Negligent Inspection Claim on Georgia County Road

In a recent case, a husband and wife each filed a negligence lawsuit against the Georgia Department of Transportation (DOT) and others. DOT asked the court to dismiss. It argued the claims were barred by the doctrine of sovereign immunity and claimed it owed no duty to the plaintiffs. The trial court dismissed the couple’s claims of negligent inspection and granted summary judgment on the other claims.
The couple was injured because the husband drove the car onto what he remembered had been a street, which was actually a grassy place where the road had been. A road construction project was happening there and the county road was rerouted away from what had been a street. The couple continued along and was plunged into a ditch.
The couple argued the trial court should not have dismissed their claims because DOT had waived immunity on a negligent design claim and therefore also waived immunity on negligent inspection claims.
The appellate court explained that the Georgia legislature is permitted to waive a state’s sovereign immunity. However, this waiver must be specific and limited. The state only becomes liable under those specific limits. Someone who wants to benefit from the waiver bears the burden of proving waiver.
The state does not have liability for losses from conduct by officers or employees that isn’t within the scope of official duties. An exception to that waiver of sovereign immunity occurs from inadequate inspections of non-state property.
Accordingly, the trial court had granted the motion to dismiss with regard to the negligent inspection claim. The couple argued that DOT’s waiver of sovereign immunity in OCGA § 50-21-24 (10) for losses arising out of construction design not prepared in substantial compliance with standards of engineering or design effective at the time they were prepared created a waiver as to negligent inspection.
The appellate court disagreed. It referenced an earlier case where it had held that whether designs complied with standards was a question of fact for the jury. In that case, it had also affirmed a grant of summary judgment in connection with the plaintiff’s claim of negligent approval of the disposal site for excess fill soil or negligent inspection of the site.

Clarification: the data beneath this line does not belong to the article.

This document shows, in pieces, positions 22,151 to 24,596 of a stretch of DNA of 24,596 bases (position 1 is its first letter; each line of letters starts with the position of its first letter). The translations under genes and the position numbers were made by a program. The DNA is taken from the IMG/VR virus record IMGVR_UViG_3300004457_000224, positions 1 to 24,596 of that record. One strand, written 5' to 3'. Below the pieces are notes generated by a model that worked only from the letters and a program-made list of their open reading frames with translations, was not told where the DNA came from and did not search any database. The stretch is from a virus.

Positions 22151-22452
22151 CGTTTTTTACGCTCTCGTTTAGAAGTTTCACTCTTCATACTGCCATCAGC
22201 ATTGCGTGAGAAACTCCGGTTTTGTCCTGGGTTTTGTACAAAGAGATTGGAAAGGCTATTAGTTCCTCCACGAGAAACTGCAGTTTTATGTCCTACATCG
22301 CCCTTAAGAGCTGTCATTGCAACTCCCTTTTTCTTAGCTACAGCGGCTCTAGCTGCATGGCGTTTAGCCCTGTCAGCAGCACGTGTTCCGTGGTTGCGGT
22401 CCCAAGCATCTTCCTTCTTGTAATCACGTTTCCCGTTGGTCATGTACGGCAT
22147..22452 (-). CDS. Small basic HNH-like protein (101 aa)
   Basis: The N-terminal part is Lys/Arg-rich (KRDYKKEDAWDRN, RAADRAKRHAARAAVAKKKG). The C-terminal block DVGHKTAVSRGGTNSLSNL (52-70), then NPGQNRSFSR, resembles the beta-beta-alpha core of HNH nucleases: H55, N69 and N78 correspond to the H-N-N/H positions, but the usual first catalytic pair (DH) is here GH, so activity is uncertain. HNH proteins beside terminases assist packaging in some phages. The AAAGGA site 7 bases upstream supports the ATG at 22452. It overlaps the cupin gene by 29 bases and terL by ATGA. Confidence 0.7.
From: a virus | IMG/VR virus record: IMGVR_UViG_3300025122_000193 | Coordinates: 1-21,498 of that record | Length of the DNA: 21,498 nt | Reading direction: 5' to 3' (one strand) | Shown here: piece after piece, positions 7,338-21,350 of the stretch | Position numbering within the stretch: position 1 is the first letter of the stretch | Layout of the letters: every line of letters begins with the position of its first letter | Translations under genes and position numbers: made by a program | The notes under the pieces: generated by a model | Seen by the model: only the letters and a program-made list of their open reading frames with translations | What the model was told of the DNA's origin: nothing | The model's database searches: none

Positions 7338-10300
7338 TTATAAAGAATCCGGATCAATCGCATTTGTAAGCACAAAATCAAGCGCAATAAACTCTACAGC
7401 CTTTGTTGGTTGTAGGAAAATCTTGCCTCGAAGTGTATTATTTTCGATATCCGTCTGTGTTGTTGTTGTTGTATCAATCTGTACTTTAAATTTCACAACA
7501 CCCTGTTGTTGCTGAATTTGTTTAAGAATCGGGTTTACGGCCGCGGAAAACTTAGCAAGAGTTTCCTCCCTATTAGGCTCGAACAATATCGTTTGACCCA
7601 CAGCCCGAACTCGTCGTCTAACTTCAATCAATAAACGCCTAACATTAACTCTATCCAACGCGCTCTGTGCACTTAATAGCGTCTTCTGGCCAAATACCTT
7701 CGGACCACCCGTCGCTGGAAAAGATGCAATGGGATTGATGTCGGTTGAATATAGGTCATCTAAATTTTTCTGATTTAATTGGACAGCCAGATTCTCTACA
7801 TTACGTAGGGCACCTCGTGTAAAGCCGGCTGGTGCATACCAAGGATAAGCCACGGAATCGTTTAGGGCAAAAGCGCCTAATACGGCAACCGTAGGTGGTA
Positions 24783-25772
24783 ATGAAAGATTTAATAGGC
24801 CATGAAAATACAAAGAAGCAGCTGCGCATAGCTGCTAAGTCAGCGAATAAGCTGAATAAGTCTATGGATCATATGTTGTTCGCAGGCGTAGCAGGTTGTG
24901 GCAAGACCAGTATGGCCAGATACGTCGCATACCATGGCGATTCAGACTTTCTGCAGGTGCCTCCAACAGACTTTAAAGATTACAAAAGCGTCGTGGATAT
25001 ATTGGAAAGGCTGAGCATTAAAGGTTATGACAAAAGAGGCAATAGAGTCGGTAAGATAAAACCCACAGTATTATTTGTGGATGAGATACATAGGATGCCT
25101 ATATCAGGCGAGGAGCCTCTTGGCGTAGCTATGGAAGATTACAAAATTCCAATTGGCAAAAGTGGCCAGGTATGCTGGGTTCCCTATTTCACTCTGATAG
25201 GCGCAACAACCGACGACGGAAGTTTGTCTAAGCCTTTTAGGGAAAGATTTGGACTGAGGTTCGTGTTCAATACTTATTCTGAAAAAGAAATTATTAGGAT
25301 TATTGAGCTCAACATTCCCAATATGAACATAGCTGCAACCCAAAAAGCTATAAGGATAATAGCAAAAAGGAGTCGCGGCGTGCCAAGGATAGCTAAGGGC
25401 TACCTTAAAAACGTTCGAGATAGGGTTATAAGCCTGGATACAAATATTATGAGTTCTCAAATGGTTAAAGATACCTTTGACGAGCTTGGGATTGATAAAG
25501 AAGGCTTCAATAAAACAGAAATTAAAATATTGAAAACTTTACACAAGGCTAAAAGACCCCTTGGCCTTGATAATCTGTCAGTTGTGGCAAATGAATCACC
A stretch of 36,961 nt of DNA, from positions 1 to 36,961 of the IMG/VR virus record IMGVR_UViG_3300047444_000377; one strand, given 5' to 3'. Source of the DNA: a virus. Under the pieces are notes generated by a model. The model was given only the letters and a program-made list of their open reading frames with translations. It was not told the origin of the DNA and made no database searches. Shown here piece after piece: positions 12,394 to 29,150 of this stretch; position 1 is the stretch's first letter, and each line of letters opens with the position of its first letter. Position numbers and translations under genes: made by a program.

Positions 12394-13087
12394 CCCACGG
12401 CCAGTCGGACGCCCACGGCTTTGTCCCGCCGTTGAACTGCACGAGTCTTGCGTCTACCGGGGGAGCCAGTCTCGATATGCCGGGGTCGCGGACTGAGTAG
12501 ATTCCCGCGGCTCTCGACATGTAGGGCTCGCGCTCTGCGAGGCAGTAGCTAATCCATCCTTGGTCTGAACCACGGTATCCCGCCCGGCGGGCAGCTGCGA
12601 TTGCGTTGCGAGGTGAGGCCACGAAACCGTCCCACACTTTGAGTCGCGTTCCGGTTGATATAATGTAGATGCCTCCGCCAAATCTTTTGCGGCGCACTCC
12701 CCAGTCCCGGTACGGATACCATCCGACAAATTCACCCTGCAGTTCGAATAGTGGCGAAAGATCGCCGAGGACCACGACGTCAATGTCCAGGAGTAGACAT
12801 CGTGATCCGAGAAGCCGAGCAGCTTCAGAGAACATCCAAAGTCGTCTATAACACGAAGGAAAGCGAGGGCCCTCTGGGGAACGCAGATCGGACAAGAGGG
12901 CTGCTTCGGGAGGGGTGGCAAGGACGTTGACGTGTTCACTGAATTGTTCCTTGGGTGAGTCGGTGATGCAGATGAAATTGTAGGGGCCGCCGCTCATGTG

The couple had misinterpreted the case to mean that a waiver of immunity on a claim meant immunity was waived on all cases. The couple also cited to other cases for this rule, but the appellate court explained the couple had misconstrued those cases.
The couple had also argued that the court should not have granted summary judgment on the grounds that DOT owed them a duty to install a curb, gutter, or warning signs. They argued that there was a question of fact about whether the accident occurred on a commercial driveway.
The appellate court explained that the trial court had ruled whether or not the accident happened on a commercial driveway, the accident didn’t happen on the part of the highway where DOT owed drivers a duty.
The couple further argued that DOT had failed to use accepted standards of engineering and design with regard to a curb and gutter on the road. DOT argued it was a county road, so no duty was owed. The appellate court agreed with DOT. Counties bore responsibility for the county road system. The appellate court affirmed the trial court’s dismissal and summary judgment.
If you are hurt due to negligence, you may be able to recover compensation for your losses. Experienced Atlanta personal injury attorney Terrence R. Bethune can evaluate your case and fight for any compensation you may deserve. Contact us at 404-875-7800 or via our online form.
More Blog Posts
What is an Ante-Litem Notice in Georgia? February 28, 2014
Proximate Cause in Georgia Car Accidents, February 13, 2014
Tandem Driving Theory of Liability in Georgia Car Accidents, February 4, 2014

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